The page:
The main differentiation in the tokenization space is going to be in payment tokenization, where the token will be used to replace a card for transaction purposes; and in security tokenization, where the replacement for the card is intended for analytic or backend office uses. They are similar types of technology, but operationally get used in different ways.
The biggest response I would have to your question would be that encryption and tokenization are not better or worse than each other; they can both be used in ways that create an enormously strong barrier against fraud and card theft. They just get used in different parts of the transaction lifecycle to achieve different aims.
Gabrielle: What are your thoughts on HP’s acquisition of HP Security Voltage so far? Is the transition going smoothly?
Terence: Things have been fantastic. Payment security is one aspect of what we do, but there has been an industry-wide interest in data-level security as a whole within the payment space. HP Security Voltage products form a really fantastic compliment to the Atalla products in terms of enabling us to do encryption and key management across a whole different set of application spaces and at different levels of the stack.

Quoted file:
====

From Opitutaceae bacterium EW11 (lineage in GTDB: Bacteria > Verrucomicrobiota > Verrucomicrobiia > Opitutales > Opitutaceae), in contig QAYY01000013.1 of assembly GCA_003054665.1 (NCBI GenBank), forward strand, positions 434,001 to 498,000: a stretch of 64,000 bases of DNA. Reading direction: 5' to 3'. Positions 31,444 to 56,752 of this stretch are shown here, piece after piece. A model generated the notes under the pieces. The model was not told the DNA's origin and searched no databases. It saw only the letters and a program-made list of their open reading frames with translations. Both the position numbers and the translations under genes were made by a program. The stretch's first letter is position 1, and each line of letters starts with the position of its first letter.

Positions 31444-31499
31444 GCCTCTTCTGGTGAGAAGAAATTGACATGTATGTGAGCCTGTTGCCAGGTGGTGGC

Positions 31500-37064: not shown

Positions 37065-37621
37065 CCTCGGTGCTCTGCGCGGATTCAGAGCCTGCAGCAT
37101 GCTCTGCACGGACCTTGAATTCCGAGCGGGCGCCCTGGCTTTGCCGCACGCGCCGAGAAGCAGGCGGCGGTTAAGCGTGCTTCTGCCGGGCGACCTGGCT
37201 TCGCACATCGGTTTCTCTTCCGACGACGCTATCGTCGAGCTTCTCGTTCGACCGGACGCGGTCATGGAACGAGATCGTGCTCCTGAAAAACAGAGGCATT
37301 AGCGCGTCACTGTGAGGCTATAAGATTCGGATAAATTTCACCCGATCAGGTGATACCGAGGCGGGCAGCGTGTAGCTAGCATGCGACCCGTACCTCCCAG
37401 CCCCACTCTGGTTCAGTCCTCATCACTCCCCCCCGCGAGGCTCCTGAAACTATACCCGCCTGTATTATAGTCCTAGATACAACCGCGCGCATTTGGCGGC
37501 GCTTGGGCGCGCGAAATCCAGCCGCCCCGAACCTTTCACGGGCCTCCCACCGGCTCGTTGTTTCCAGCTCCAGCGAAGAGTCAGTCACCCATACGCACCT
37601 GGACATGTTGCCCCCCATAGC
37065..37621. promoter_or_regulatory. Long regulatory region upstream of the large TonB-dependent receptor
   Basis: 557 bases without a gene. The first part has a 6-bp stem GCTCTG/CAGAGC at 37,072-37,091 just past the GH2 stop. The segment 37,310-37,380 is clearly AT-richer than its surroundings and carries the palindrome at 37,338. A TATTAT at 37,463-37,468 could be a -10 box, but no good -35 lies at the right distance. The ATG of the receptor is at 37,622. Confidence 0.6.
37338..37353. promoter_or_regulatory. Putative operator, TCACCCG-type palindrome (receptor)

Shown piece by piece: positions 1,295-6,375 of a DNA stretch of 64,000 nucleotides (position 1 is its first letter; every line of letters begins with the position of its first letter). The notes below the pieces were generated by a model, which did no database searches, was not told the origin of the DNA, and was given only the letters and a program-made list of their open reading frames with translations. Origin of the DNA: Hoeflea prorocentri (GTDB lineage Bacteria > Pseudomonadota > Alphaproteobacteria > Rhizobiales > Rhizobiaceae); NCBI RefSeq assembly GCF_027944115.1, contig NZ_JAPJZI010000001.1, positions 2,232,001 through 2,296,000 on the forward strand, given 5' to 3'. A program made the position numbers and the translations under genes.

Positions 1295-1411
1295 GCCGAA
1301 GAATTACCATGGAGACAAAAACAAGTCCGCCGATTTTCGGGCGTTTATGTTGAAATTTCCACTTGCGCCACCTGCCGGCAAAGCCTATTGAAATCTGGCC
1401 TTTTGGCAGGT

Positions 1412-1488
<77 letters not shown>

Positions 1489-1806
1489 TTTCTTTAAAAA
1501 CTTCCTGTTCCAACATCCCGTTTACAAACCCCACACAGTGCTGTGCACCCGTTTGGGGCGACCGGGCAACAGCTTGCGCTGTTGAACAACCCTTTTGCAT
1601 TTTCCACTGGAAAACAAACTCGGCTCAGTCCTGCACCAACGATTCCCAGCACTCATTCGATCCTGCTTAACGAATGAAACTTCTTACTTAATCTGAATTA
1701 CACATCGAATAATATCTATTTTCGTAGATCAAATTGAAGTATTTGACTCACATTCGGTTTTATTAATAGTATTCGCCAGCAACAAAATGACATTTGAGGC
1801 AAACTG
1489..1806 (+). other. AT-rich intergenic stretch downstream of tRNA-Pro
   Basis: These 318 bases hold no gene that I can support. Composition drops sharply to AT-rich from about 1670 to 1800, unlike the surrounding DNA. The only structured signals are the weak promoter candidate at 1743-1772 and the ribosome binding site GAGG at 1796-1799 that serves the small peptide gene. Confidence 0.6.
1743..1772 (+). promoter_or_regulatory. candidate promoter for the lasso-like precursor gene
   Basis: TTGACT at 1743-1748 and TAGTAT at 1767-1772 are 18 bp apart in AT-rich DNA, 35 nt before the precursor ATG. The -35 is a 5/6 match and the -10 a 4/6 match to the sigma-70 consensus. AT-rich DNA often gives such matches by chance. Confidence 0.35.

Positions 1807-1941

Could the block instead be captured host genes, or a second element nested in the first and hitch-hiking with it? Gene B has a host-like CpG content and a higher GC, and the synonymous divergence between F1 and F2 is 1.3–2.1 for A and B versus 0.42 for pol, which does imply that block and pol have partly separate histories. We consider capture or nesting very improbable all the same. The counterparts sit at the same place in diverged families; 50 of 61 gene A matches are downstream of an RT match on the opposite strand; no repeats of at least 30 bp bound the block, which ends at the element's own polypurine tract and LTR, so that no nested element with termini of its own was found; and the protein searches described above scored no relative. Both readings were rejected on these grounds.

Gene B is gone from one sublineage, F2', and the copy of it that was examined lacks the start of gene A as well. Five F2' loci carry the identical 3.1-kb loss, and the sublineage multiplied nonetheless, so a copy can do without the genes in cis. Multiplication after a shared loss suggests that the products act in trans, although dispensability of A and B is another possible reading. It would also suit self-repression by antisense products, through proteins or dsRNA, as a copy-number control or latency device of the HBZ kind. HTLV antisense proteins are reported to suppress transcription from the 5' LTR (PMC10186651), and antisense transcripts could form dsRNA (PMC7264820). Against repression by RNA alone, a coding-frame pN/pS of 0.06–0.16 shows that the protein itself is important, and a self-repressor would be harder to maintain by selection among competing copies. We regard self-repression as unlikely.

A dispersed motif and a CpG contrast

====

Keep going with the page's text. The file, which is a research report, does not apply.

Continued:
On NonStop, is NonStop being used to process PII (personally identifiable information) data or healthcare data, in addition to payment data? Or are there people interested in encryption at different parts in the stack, or in doing tokenization of other kinds of information? The combination of those two technologies gives them a lot of choices with respect to how they do that implementation. It enables them to secure a lot more applications than they may have been able to do in the past. We think there will be a lot of upsides as we start more actively integrating these technologies together to give people a comprehensive method for encrypted key management.
We are super excited. It gives us a lot of scope and visibility, and also I think the integration with Atalla presents a lot of technical opportunities to make a more comprehensive architecture for key management encryption.